Guest contributed by Sarah Landrum
You consider many factors when transitioning from one position to the next.
How quickly will you adjust and pick up new duties? Do you fully understand your benefits? How do you take your old accounts with you?
Reconciling new benefit offerings with old accounts from previous employment, such as an existing retirement, gets confusing when you’re taking in too much information all at once.
The good news: That money you worked so hard to save for retirement belongs to you, wherever you go. Here’s what to do with it.
Look at Your Retirement Goal Status First
Before you consider what to do with your money, now is the time to look at where you are with your retirement goals. Are you working toward a secure retirement? Look at your total retirement goal and potential withdrawals every year and play with projections for your current contributions and new employer matching contributions while weighing your circumstances.
For example, say your current retirement savings is $100,000, and you expect an income increase of 2 percent. You can factor this into your retirement plan along with Social Security benefits and other income to stay on track with your goal. Don’t forget to factor in if you’re married, since adding a spouse affects your Social Security benefits.
Options for Your Existing 401(k)
Here’s where it gets tricky. Your old 401(k) account belongs to the prior employer, but the money belongs to you. Here are the four options you have for what to do with your existing 401(k), as well as the advantages and disadvantages of each avenue.
1. Keep Your Old 401(k)
Look at your existing balance and reread the terms. You may have to move your money since the account belongs to the employer. Otherwise, the old 401(k) usually sits there without contributions from you or the employer. Different rules exist for different employers regarding what’s done with the money, with some automatically cashing out your funds to you or transferring the amount to a new IRA for you. If a check is made out to you, the company automatically cuts out a 20 percent portion to cover taxes. Check with your prior employer and reread the terms.
2. Transfer the Money to the New 401(k)
When your new company offers a 401(k) or other retirement option, consider transferring the money from your old account to the new one. Ask: does the new plan terms accept transfers from prior 401(k) accounts? What fees apply?
Sticking with a 401(k) option over an IRA has its advantages. Money must come out as of age 70.5, but if you’re still working, you can delay distributions with your current employer 401(k) plan until your actual retirement date and maximize your earnings. In the case of bankruptcy, your 401(k) remains protected, but IRA exemption stops after $1,283,025. At age 55, you can also take cash penalty-free from your 401(k) if you leave your position.
3. Move It to an IRA or Roth IRA
Skip thoughts of 401(k) confusion and transfer your balance to an existing IRA if you have one — or open a new IRA. A perk of a traditional IRA is the avoidance of taxes by transferring the money to this type of retirement account, but a Roth 401(k) must be transferred to a Roth IRA. You must look carefully at terms and fees when rolling over to an IRA. Otherwise, you may pay more than transferring to the new employer 401(k). Companies are required to provide reviews of annual investment costs and disclose administrative fees.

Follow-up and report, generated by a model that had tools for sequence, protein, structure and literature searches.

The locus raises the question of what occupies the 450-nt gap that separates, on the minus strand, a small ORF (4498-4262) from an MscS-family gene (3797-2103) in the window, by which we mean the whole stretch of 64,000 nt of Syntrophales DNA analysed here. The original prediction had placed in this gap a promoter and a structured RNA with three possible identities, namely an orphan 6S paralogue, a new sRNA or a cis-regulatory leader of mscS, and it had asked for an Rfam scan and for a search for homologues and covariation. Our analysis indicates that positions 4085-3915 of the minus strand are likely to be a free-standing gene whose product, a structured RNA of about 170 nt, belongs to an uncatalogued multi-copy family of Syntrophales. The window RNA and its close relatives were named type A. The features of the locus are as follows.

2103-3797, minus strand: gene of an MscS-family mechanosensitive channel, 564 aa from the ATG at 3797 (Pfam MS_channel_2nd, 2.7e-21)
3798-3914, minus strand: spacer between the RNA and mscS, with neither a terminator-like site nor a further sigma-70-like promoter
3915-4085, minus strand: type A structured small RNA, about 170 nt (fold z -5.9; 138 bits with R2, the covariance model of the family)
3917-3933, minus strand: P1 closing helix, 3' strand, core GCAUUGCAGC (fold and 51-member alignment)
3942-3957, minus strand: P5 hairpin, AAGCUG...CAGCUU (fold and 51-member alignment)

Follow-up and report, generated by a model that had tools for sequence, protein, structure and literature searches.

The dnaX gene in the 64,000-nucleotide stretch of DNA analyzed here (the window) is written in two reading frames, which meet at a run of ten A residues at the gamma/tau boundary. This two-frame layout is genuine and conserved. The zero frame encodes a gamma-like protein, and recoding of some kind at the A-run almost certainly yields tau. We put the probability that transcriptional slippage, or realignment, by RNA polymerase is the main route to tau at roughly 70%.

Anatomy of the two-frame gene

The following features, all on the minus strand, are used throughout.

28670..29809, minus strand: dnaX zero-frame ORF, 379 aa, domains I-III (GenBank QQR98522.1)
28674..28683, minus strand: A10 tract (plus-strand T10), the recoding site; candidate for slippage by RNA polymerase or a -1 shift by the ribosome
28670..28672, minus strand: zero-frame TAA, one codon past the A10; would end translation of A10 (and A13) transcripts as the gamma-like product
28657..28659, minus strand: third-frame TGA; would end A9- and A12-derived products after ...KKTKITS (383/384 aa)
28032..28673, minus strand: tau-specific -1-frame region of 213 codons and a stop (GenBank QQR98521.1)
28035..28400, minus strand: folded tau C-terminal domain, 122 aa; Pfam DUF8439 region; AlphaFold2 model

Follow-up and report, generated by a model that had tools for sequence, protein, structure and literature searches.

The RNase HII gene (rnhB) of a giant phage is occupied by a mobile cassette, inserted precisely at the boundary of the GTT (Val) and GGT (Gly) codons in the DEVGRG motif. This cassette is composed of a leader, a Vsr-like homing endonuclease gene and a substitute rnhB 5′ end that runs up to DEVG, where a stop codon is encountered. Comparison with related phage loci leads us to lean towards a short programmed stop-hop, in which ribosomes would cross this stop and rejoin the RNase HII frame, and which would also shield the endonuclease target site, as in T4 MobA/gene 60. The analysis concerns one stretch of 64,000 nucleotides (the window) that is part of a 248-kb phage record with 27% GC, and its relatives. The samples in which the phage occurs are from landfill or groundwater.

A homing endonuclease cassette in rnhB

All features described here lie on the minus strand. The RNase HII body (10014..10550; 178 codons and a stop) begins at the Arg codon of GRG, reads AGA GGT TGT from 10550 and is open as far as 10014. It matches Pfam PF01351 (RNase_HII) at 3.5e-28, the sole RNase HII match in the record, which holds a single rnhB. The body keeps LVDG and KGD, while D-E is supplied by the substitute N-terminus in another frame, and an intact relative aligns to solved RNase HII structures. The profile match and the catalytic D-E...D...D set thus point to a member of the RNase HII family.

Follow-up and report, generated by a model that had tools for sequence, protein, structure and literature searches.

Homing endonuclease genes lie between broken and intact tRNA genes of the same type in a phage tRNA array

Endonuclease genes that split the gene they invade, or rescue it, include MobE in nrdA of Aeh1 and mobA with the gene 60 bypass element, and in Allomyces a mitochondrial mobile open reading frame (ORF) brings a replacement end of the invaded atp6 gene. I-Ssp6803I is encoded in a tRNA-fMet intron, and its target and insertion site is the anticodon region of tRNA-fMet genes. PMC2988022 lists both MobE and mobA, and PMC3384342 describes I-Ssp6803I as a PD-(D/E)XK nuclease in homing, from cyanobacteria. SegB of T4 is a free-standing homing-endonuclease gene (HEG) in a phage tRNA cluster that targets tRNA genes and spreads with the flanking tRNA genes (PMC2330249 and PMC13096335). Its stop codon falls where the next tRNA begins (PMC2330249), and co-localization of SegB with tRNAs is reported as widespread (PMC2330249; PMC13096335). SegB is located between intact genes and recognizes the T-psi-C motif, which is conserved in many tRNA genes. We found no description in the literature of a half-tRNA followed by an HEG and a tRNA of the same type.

Younger baby boomers change jobs about 12 times over the course of their careers, and leaving 401(k) plans behind overlaps multiple funds that may exceed your risk tolerance and age. If you’ve left more than one plan behind, consider rolling retirement accounts into an IRA. Many IRA plans contain lower investment costs and options to invest in exchange-trade funds (ETFs) to reduce costs and risk.
However, mutual funds and ETFs come with expense ratios, which vary whether that’s an IRA or 401(k) — look closely at costs, talk with your broker or ask for the disclosure of fees and ratios yourself. Slowly decreasing your stock investment amounts in your portfolio reduces your risk as you and your portfolio age.
4. Withdraw the Balance
It’s best to wait until you reach age 59.5 to withdrawal your retirement balance, or you face paying on the withdrawal as taxable income. Plus, you experience the joy of the 10 percent penalty due to the withdrawal of your balance and your funds won’t grow.
Most advise against withdrawing retirement balances unless you’re facing an emergency you need to pay a significant amount of money toward quickly. What you consider an emergency may not be worth it in the end, such as buying a house, paying credit card debt or helping your kids offset unplanned college costs. For example, it’s better to take an approved IRA distribution for college costs than to face the 10 percent tax penalty for withdrawal. You can slowly replace the distribution over the years but paying thousands in a tax penalty hurts your take-home income and drastically reduces your retirement earning benefits.
In the end, you selected the retirement strategy that best-suited your long-term goals but changing jobs and emergency life situations arise that prompt you to take another look at your approach. Multiple accounts are difficult to manage and rolling over everything into a single account or Roth IRA outside of your 401k may reduce fees and boost your earnings in the long-term. You’ve come this far and likely know what you want to invest in. Go with the plan that best meets those needs, and if that means transferring funds to the new employer’s 401(k) — do it. If you have or are taking on significant debt, go with a plan that protects your assets and reconsider any emergency needs. Then, update your retirement plan with a strategy that optimizes your savings.
Disclaimer: The views and opinions of guest contributors are not necessarily those of theglasshammer